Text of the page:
It is a piece of fine small and catchy work legible in the span of about half an hour.

    The title itself seems to be symbolic, as the agonies and strife of any expatriate worker from the eastern part of the world for that matter, literally start from the ‘transit sojourn’ in the posh looking Dubai International Airport itself. In spite of its gaudiness in appearance and size, it is very much unlike the biggest Airports in the Western World like Leonardo da Vinci at Rome, Frankfurt am Main, London Heathrow, Charles de Gaulle at Paris, or JFK New York in the trans Atlantic west, with regard to the conveniences offered for the transit passengers doomed to while away their time there. In the bustle for amassing wealth through commercial business by making the Dubai Airport similar to a microcosm of the business world, the maximum convenience that Dubai International proudly offers to its ‘Transit Victims’ is the “Quiet Space” with a some leaning couches. At peak days one may not get a calm space even to lie down despite having to wait there for more than 16 or 18 hours. No expatriate worker can dare to argue with the Airport authorities about the International passengers’ rights approved by the IATA according to the Geneva Convention. They would simply wash their hands saying it is not their responsibility, but that of the Airways which carry you. But when they allow such Airways to operate through Dubai International washing their hands alone does not become an excuse, as they should insist on the Airlines strictly following the guidelines for the comfortable transit halt of the international passengers. In the run for accumulating the daily number of passengers and making it something like a World Trade Centre, Dubai International conveniently close the eyes and put the expatriate worker in real trouble, right from the beginning.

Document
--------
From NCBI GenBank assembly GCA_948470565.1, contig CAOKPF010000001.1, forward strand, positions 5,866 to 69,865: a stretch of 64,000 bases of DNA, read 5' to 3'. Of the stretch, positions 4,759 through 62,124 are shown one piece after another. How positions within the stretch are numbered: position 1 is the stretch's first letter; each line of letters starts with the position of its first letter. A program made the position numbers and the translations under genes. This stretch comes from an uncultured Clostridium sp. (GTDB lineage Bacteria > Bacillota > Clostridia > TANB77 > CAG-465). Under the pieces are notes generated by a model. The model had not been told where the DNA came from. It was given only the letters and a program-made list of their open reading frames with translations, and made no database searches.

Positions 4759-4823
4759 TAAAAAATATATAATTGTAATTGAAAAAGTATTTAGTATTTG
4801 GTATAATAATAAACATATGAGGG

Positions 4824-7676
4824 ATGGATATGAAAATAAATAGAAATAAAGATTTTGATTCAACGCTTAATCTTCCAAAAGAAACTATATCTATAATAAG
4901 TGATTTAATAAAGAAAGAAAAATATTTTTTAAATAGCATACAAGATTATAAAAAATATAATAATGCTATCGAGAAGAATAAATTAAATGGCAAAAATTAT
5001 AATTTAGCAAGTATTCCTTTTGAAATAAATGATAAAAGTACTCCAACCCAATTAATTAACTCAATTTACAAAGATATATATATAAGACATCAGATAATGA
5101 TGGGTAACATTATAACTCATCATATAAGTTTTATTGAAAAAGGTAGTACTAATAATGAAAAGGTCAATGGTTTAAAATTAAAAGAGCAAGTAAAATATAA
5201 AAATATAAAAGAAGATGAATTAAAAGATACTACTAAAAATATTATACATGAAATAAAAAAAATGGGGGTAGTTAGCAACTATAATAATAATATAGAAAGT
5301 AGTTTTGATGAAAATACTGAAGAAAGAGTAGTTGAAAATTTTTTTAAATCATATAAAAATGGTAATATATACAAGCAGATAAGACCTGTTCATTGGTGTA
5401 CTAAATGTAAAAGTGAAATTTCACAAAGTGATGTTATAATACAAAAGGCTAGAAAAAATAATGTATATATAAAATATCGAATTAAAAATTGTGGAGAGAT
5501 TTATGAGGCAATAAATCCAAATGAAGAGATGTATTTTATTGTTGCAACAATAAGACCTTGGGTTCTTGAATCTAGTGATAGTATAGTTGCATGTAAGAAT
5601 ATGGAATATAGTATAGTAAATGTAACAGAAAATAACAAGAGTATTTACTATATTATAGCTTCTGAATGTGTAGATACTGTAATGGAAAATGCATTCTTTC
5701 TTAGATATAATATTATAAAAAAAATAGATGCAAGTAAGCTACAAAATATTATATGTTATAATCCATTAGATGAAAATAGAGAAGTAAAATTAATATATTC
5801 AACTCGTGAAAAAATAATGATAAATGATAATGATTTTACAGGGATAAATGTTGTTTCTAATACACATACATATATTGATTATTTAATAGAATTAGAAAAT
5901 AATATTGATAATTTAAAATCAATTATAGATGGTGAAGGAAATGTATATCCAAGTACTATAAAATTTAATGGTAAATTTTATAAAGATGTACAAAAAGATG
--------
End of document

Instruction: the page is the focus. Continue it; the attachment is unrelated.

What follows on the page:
Saying this, it does not mean that Dubai International Airport is not a good place, it is an amazing work, and one can walk and walk and enjoy the various sights inside the Airport, whereas, most of the expatriate workers may not be willing to empty their purses lured by the vanity of the glorious shopping outlets there. The ones who are socially open will naturally open up and meet with people of the same intention of working abroad and with almost similar aspirations of earning better and making their family’s life more prospective, but at the same time stemming from various countries in the Asian region. Probably that ‘the transit friendships and acquaintances’ will be the greatest thing that can happen during the ‘Transit Sojourn’ at Dubai International, which is efficiently highlighted in Chapter 1.

    In chapter 2, the aspirations of a Nigerian youngster by name Carl is poignantly depicted by the author shedding light on the ways of double dealings which any expatriate worker has to face with in any land, and probably hints that this youngster might not ever achieve his aspiration. It also describes the pathetic story of a black Libyan whose life is replete with problems, but keeps always a smiling face and renders help to anybody in need, or rather any expatriate who needs his services.